The Concorde Club at Eastleigh, (perhaps the best U.K. provincial jazz club in terms of facilities and ambience) had the first of a new series of "Jazz Diva" evenings.The Club, which promotes various types of jazz on different evenings each week decided that 'the jazz diva genre' is becoming so popular that a dedicated night could be tried.
The opening event, last evening, had Clare Teal, with her usual accompanying quintet. It attracted a full house (about 250).It was her first visit to the venue and for most of those present their first experience of Clare Teal except perhaps for occasional radio exposure. As such, it was an interesting parallel to Jamie Cullum who similarly appeared at the Concorde a few weeks ago.Both are, of course, young U.K. artists singing Great American Songbook music and some of their own material and both have received exceptional 'hype'.
Cullum - nicknamed 'the jazz wunderkind' is marketed as something close to a pop star (and has a song on his latest album proclaiming 'I don't wanna be a pop star'). He is like some others mentioned here recently,in the 'early Harry Connick' bag, if you need a label.The Concorde audience, I thought, liked his jazzy piano playing and his choice of material, were a bit dubious about his walking round the piano banging it from time to time ( a rhythmical eccentricity) and could not fail to be charmed by his 'Jack the lad' personality. He also attracted an audience that had perhaps 30% of its members under the age of 45(unusual for Concorde jazz audiences). I think I reported here that he sold a large number of CDs (perhaps 80, I would guess). The older members of the audience, I thought, seemed uncertain how they felt about his own songs and some thought he took too many liberties with the G.A.S. (wrong words, lack of attention to phrasing), but he was generally well received.
Clare Teal attracted a larger audience (standing room only) but they were the older crowd, with few under 45. For my taste she performed extremely well, with a very good jazz feel and applying her own interpretation, being neither an imitator nor a destroyer of the material. Her publicity links her to "Little Voice" in that she learned the songs from her parents' record collection and that seems a good analogy. She sings them enthusiastically, relishing Cole Porter's lyrics and Lorenz Hart's witticisms and bemoaning that she knew too little about some songs information is on its way to her e-mail address!). Her own songs are fun, well written and obviously enjoyed by her excellent accompanying group(Veteran pianist Martin Litton is the leader and writes the arrangements). Her rapport with the audience and her friendly banter made them feel comfortable - a bit like 'the girl next door who sings'. At the end of the evening it was a standing ovation (unusual in the U.K.), several encores and a lot of happy chatter as they filed out. Throughout the hour long interval she was coping with signing CDs - my guess would be over a hundred sold - interesting when they cost here over $20 - twice the cost of entry for the evening. Many buyers bought both her CDs ($37) - and got a free Jazz Rag magazine with a Clare Teal cover and feature article.Apart from the sheer entertainment value the crowd and their acceptance of this new artist made it very interesting. I am sure for promoter Cole Mathieson, it must rate as a big success.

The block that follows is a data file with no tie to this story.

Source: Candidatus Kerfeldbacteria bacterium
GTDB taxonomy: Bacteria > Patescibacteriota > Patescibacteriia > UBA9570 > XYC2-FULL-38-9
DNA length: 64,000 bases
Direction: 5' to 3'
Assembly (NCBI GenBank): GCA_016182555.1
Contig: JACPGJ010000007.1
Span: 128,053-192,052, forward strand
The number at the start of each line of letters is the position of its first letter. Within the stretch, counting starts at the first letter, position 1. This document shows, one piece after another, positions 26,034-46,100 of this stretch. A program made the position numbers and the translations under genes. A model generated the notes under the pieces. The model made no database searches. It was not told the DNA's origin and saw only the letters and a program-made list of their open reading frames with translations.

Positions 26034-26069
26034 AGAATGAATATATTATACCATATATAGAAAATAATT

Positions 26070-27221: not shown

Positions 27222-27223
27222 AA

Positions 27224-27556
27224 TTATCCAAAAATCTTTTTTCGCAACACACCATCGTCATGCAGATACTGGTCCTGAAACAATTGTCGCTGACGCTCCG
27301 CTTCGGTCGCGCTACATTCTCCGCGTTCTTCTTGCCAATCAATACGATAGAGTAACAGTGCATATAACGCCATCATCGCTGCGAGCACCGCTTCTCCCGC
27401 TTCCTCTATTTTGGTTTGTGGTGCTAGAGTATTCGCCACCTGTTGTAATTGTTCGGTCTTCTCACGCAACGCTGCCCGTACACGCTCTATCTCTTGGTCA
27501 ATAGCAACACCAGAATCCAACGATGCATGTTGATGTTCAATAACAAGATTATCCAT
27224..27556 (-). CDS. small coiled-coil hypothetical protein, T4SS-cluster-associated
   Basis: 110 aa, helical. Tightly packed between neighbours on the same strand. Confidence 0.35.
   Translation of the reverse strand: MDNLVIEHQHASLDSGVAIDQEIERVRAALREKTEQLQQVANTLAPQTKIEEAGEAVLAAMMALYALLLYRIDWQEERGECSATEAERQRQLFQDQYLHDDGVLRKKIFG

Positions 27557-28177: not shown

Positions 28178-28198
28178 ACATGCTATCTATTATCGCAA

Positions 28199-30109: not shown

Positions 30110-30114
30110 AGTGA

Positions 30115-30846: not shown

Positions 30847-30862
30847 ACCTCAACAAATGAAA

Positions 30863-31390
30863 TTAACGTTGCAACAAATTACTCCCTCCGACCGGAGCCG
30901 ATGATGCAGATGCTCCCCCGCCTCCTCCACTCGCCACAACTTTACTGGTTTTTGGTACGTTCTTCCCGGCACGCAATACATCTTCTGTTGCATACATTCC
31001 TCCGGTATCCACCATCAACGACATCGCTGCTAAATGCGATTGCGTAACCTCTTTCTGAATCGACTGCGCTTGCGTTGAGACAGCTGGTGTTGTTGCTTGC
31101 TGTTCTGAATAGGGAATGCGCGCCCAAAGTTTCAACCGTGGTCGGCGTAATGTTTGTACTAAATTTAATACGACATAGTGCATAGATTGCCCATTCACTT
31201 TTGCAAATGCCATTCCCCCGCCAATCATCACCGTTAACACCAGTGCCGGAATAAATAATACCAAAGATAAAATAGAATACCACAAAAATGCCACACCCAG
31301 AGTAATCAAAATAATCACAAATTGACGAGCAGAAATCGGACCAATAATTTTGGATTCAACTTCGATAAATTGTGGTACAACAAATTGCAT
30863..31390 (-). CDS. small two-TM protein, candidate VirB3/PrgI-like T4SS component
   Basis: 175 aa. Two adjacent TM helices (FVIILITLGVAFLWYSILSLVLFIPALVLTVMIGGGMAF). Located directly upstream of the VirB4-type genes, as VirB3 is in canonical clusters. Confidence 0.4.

It will be interesting to see how the future of 'Jazz Diva Evening' develops. Incidentally elsewhere in the same building the Concorde has a wine-bar with music, which, as every Tuesday, had a local lady jazz singer with a trio for no minimum. That had, when I looked in the interval, an almost full house also.Stacey Kent is here next week - on the jazz night and not in the 'diva'series - there is likely again to be a full house.